Square Foot Gardening is the practice of planning small but intensively planted gardens.--Thank you Wikipiedia
The original square-foot-gardening method used an open-bottomed box to contain a finite amount of soil, which was divided with a grid into sections. To encourage variety of different crops over time, each square would be planted with a different kind of plant, the number of plants per square depending on an individual plant's size. A single tomato plant might take a full square, as might herbs such as oregano, basil or mint, while most strawberry plants could be planted four per square, with up to sixteen radishes per square. Tall or climbing plants such as maize or pole beans might be planted in a northern row (south in the southern hemisphere) so as not to shade other plants, and supported with lattice or netting.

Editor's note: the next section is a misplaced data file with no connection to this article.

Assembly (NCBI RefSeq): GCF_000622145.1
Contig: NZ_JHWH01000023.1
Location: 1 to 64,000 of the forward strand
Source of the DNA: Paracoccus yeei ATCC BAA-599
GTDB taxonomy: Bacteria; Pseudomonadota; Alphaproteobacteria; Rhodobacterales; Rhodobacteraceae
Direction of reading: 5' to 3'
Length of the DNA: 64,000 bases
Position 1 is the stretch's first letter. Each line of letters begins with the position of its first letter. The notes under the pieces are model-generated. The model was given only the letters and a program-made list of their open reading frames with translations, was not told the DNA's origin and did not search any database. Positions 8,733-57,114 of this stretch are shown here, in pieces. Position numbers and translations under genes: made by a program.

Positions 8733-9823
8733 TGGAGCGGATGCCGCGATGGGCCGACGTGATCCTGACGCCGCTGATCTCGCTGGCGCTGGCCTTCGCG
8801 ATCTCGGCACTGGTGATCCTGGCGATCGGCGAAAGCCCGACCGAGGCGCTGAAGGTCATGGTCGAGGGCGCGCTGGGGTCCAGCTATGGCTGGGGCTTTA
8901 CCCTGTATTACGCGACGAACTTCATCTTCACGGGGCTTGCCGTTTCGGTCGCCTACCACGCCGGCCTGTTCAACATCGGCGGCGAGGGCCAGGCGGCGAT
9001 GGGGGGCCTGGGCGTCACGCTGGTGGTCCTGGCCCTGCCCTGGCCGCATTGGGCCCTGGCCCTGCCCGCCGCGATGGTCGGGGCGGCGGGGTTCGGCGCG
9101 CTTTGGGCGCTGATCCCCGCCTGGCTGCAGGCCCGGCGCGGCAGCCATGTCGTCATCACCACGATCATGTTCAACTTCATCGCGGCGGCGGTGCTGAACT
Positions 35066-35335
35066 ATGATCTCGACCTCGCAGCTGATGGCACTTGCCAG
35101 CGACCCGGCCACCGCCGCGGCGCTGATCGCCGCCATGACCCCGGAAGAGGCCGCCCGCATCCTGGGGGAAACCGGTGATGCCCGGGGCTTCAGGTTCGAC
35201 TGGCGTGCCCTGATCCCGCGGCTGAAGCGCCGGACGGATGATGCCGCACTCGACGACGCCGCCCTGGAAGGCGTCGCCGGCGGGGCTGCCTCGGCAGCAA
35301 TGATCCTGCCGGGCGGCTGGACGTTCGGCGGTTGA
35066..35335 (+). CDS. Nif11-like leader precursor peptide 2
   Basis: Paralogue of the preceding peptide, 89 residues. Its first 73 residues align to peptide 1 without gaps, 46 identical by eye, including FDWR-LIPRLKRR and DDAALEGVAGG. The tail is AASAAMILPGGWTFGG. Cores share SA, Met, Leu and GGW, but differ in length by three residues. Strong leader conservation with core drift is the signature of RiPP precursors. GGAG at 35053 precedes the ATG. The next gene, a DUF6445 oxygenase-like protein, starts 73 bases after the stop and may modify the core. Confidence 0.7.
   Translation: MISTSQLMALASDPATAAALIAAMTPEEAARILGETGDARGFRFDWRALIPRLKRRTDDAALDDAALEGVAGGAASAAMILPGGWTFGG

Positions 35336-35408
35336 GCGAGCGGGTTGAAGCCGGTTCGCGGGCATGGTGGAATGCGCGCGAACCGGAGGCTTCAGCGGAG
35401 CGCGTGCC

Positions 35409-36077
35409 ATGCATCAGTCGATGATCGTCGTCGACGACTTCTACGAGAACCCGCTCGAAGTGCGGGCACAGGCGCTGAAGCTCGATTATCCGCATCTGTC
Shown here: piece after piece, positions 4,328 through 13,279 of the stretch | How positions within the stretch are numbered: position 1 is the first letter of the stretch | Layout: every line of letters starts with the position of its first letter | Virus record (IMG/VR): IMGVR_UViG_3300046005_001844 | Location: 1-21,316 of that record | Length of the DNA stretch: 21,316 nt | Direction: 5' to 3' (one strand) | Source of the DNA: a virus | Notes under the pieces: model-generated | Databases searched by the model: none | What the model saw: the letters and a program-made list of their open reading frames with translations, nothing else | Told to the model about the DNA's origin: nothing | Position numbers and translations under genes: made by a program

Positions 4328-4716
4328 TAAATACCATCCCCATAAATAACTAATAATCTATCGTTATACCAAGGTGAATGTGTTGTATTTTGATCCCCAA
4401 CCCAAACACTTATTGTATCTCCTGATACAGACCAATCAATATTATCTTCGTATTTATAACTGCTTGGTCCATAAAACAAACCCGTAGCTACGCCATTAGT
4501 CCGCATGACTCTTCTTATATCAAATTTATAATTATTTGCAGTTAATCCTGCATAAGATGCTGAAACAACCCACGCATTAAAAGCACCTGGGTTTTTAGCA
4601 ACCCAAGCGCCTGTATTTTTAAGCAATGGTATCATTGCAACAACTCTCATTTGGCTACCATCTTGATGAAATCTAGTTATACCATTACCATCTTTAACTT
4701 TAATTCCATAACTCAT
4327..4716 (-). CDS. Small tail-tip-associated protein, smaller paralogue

The logic behind using smaller beds is that they are easily adapted, and the gardener can easily reach the entire area, without stepping on and compacting the soil.
Basically all you need is a spot to grow (can be in the ground or raised with wood or cinder blocks for the sides), soil, string (to make your squares), nails/screws (to hold down the string) seeds and a means to water the garden. It really is that easy. The more it grows, the more you will learn, like how to get rid of bugs that eat your plants (tip: Plant Marigolds all throughout the garden, it helps keep the bugs away).
Next up, container gardening...